Interactions between thermal cycled resilient denture lining materials, salivary and serum pellicles and Candida albicans in vitro: Part II. Effects on fungal colonization
JOralRehabil_27-2_124.pdf 2.07 MB
In the present study, the growth of a single isolate of Candida albicans on saliva-, serum-coated or protein free (uncoated), thermocycled (4–70 °C for 1 min, respectively; 0, 1000 and 10 000 times) seven commercial soft lining materials were investigated, by adenosine triphosphate (ATP) analysis. In the case of control resilient liners (not thermocycled and uncoated), the fungal colonization appeared to depend upon the type of commercial resilient liner used. Thus, the lowest colonization was observed with fluoric and heat-cured silicone materials, cold-cured silicone materials, except for one product, and heat-cured acrylic resin exhibited the highest colonization capacity, and cold-cured acrylic resilient liners exhibited the intermediate. However, the fungal colonization on the materials was significantly promoted both by thermal cycling ( anova, P<0·01) and a layer of protein coating (saliva, P<0·01; serum, P<0·01). These results, taken together, suggest that the ageing of the materials and the biological fluids of the host promote yeast colonization on resilient lining materials.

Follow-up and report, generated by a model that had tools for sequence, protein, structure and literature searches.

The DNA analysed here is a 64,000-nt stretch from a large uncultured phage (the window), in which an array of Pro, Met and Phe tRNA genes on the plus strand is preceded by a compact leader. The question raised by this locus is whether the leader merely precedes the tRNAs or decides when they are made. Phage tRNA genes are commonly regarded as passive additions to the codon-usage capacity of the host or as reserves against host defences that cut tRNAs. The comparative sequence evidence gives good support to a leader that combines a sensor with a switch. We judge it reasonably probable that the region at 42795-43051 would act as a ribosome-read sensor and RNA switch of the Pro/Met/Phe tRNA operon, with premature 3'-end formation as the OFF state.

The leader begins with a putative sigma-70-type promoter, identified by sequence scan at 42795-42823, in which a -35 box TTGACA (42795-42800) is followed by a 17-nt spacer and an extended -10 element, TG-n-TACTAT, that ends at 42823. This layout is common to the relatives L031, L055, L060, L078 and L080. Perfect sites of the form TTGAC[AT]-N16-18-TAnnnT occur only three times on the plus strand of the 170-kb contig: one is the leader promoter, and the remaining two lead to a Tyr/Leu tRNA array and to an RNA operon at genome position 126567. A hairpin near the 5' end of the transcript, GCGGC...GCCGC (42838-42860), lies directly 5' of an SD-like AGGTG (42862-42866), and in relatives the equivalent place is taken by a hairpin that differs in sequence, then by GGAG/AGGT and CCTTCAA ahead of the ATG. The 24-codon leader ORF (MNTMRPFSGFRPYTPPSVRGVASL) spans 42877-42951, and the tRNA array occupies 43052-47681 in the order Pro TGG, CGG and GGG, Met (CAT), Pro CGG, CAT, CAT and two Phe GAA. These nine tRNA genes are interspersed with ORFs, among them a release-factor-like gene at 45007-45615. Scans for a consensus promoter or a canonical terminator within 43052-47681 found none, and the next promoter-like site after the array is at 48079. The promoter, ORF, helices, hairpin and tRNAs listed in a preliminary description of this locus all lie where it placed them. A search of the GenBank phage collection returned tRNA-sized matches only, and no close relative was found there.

Journal of Oral Rehabilitation
|date of issued||
Copyright (c) 2000 Blackwell Publishing. The definitive version is available at www.blackwell-synergy.com
Graduate School of Biomedical Science